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Maximize Your Volunteer Donations - FGS Wiki

Maximize Your Volunteer Donations


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[NOTE: this page has not yet been formatted.  If you are interested in assisting in the care and maintenance of the FGS Wiki Content, please contact Thomas MacEntee at publicity@fgs.org.]
 
 
 
[[Category:Strategies for Treasurers]]
 
[[Category:Strategies for Treasurers]]
 +
 +
 +
== INTRODUCTION ==
 +
 +
If your society has been designated a nonprofit
 +
[501(c)3] organization by the Internal Revenue
 +
Service (IRS), your members may claim many
 +
of their volunteering expenses as charitable
 +
deductions on their income tax return. Tracking
 +
these expenses is beneficial not only to
 +
members but to your society as well.
 +
 +
While the benefit to the volunteer is obvious–a
 +
reduction in annual income tax–the society
 +
benefit is a bit more obscure. Few non-profit
 +
boards question the need to attach a value to
 +
donations of books, periodicals, computer
 +
equipment, software and other assets. It is
 +
understood that these donations increase the net
 +
worth of the society. Neglecting to enter these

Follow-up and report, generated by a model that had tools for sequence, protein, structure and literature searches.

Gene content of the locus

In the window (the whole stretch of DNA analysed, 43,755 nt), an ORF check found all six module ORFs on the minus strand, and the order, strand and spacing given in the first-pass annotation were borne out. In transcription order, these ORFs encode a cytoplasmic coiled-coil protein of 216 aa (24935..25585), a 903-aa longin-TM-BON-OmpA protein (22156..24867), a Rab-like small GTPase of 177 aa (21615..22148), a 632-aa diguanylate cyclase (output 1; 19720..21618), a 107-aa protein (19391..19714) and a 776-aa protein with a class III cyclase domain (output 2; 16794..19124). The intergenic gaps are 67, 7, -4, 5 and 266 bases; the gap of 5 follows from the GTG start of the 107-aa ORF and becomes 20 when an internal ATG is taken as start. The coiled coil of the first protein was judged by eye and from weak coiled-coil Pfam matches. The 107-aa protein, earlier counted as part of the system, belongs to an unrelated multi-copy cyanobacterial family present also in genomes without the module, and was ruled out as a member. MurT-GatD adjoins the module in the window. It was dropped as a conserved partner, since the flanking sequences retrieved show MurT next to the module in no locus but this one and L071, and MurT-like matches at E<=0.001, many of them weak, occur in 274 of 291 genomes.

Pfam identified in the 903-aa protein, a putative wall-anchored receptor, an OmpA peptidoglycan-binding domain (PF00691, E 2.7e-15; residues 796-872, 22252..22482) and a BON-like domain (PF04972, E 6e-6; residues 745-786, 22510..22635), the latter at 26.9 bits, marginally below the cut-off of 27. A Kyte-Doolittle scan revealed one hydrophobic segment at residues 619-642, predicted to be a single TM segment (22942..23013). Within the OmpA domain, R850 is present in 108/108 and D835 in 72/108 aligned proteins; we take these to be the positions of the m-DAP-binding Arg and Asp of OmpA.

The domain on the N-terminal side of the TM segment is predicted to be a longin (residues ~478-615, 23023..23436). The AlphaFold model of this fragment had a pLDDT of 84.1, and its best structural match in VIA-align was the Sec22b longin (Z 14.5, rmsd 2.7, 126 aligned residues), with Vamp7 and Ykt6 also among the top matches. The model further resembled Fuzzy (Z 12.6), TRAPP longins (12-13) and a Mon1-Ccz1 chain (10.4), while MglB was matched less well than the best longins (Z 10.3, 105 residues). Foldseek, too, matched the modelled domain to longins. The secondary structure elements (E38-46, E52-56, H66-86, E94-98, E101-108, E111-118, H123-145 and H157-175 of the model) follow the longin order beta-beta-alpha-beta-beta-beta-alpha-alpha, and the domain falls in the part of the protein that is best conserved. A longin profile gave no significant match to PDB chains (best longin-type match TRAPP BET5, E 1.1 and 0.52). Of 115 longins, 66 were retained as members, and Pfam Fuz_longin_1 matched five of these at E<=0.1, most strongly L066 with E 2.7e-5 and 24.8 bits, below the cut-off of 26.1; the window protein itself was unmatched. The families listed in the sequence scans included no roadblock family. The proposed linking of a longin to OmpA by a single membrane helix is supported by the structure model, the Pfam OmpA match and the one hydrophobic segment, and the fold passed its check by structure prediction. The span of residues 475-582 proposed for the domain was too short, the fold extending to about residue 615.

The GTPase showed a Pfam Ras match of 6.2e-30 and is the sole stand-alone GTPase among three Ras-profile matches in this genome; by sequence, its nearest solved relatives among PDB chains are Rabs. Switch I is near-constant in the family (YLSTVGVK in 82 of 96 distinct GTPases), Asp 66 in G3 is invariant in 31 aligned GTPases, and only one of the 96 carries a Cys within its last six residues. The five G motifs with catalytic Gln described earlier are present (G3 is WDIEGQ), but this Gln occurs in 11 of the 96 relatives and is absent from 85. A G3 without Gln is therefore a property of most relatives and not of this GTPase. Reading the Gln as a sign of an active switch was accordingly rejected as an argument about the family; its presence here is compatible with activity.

+
items into the society’s books makes it difficult
 +
to establish the necessary amount of insurance
 +
to carry.
 +
 +
Tracking the cost of donated items such as
 +
postage and supplies, for which a volunteer does
 +
not ask for reimbursement, is also important.
 +
These items are legitimate expenses incurred to
 +
run a society. The donations actually increase
 +
your society’s annual gross income.
 +
 +
If a society neglects to set up a system to
 +
identify and record these donated items, it is
 +
difficult to assess the true cost of running the
 +
society. There is no guarantee that future
 +
volunteers will be able or willing to donate the
 +
costs they incur for the society. Mileage and
 +
travel expenses related to meetings are usually
 +
not reimbursed by a nonprofit society, but it is
 +
worthwhile for the society to track them. In the
 +
event that your society applies for a grant or
 +
loan the amounts donated show the commitment
 +
of your community to the society, with
 +
charitable donations showing as a higher
 +
proportion of the gross income and the
 +
additional expenses reflecting the true activity
 +
of your society.
 +
 +
 +
== What is a Charitable Deduction? ==
 +
 +
According to the IRS, “A charitable contribution is a donation or gift
 +
to, or for the use of, a qualified organization. It
 +
is voluntary and is made without getting, or
 +
expecting to get, anything of equal value.”
 +
 +
What expenditures can your volunteers claim
 +
as tax deductions? A good rule of thumb is that items used
 +
exclusively for the business of the society may
 +
usually be claimed as a donation. Board
 +
members and officers might incur expenses for
 +
items such as notebooks and file boxes
 +